It’s been nearly three years since my wife and I moved into our new house, just 2 miles from the nursery. In the first year, we did nothing to the yard, but the second year (2020) I completely tore out the existing landscape, such as it was, and did some major site work. That first fall, I planted some trees and a few shrubs. In 2021, I earnestly got with the program and filled in a lot of space with more shrubs and a boatload of perennials.
The winter of 2021 was brutal and, in the spring of 2022, I had to remove several dead shrubs and a multitude of perennials that were killed either by the very cold winter or by too much water in the soil. Whatever the case, this past spring was an intense period of planting in which I attempted to fill every conceivable bare spot with a plant that would provide me with some visual interest at some time during the year.
As we move into this fall season, I am happy to say that for the most part my new garden is bringing my many hours of enjoyment and pleasure. It is far from being perfect (not that a garden is ever perfect), and is filling in nicely with just a few areas that will need some new plantings come spring (unless I find some treasures this fall). I think what really makes this new garden work for me is that there is a huge variety of plant material that provides beauty all through the year. By “all through the year,” I mean that there is always something either coming into bloom or going out of bloom. I should also clarify that beauty comes not solely from flowers. Remember, the key elements of design are color, form, line and texture. Foliage plays a big role in composition. But generally speaking, if the garden is in a constant state of change, it will keep our interest.
This past spring my wife and I enjoyed a nice display of Siberian and Japanese Iris and a good assortment of both herbaceous Peonies and the newer Itoh Peonies. Of course, there were many clumps of Daffodils, Tulips, Alliums, Crocus, and Snow Drops (I have ordered several hundred more to add to the spring cacophony of color).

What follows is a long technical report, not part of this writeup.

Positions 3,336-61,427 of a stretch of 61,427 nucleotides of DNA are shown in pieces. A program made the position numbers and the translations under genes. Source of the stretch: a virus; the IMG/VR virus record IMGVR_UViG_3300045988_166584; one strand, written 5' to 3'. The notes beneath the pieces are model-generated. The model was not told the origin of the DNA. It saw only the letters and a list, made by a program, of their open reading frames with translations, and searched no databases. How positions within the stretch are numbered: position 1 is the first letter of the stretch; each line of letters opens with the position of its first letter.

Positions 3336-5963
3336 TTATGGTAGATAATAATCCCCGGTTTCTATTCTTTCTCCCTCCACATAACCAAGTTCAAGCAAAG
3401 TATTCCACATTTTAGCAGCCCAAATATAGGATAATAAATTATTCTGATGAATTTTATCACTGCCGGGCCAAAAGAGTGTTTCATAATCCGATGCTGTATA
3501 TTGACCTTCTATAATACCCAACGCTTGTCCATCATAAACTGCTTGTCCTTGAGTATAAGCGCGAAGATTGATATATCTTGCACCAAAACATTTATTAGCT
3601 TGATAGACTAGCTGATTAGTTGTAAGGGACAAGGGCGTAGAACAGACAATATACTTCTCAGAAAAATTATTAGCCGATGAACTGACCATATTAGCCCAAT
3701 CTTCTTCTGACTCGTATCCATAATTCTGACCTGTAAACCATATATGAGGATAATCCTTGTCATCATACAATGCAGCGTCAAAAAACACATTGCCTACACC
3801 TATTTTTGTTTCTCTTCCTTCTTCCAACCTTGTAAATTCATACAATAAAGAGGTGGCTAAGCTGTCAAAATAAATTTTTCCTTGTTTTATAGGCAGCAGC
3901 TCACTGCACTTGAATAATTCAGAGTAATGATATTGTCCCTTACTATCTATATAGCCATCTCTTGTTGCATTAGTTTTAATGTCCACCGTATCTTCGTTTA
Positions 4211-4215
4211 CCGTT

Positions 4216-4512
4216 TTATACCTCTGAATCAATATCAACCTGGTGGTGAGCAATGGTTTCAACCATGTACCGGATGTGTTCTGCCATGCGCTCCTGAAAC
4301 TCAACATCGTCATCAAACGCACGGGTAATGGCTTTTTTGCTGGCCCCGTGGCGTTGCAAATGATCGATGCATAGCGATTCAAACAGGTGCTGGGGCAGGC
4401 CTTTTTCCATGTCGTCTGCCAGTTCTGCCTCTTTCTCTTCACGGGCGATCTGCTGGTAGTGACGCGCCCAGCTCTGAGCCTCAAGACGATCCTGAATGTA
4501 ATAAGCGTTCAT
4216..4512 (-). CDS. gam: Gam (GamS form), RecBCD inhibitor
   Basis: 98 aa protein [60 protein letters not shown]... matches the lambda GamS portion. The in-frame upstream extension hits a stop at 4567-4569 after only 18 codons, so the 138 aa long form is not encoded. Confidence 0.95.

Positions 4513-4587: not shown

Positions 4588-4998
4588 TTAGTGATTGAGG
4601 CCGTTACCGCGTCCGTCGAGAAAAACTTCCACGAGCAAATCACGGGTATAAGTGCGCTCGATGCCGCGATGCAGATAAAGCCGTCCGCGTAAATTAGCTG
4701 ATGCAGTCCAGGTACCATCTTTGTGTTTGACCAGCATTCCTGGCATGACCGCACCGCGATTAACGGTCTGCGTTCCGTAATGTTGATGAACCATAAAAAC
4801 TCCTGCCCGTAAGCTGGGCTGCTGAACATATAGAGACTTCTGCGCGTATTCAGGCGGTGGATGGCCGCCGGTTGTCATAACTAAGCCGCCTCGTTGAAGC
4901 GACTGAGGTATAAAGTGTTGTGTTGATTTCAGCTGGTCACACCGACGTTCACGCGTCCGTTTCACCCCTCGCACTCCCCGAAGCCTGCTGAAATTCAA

In March, an existing Forsythia gave us a blast of gold, and a little later a spicy Rugosa Rose called ‘Terese Bugnet’ provided a nice display of pink. Those shrubs were followed by several clumps of Delphiniums and a token ‘Mrs. Furnival’ Rhododendron. By late May, several David Austin Roses came into bloom along with several ‘Walker’s Low’ Catmint and a drift of ‘Magic Carpet’ Spiraea.
During this time, an assortment of eight different Clematis scampered up their trellises and rapidly formed fat and delicious buds that, along with their foliage, enshrouded the 4-by-4 posts they were attached to. Once the Spirea and the Catmint started to fade, I sheared them back for a second bloom later in the summer. In the meantime, a vast assortment of perennials came into bloom, only to be superseded by some other varieties as the summer rolled on and into the fall, which is where we are now.
There is currently no shortage of color in my garden, due in part to late summer bloomers and the many fall blooming perennials just now coming into bloom that one can find available in garden centers in the month of September. In my opinion, one of the key secrets to an interesting garden is to always have something either coming into bloom or going out bloom. It is that constant change that draws us into our gardens and keeps us coming back for more. As always, stay safe, and keep on gardening!
Steve Smith represents Sunnyside Nursery in Marysville, and can be reached at firstname.lastname@example.org
Talk to us
- You can tell us about news and ask us about our journalism by emailing email@example.com or by calling 425-339-3428.
- If you have an opinion you wish to share for publication, send a letter to the editor to firstname.lastname@example.org or by regular mail to The Daily Herald, Letters, P.O. Box 930, Everett, WA 98206.
- More contact information is here.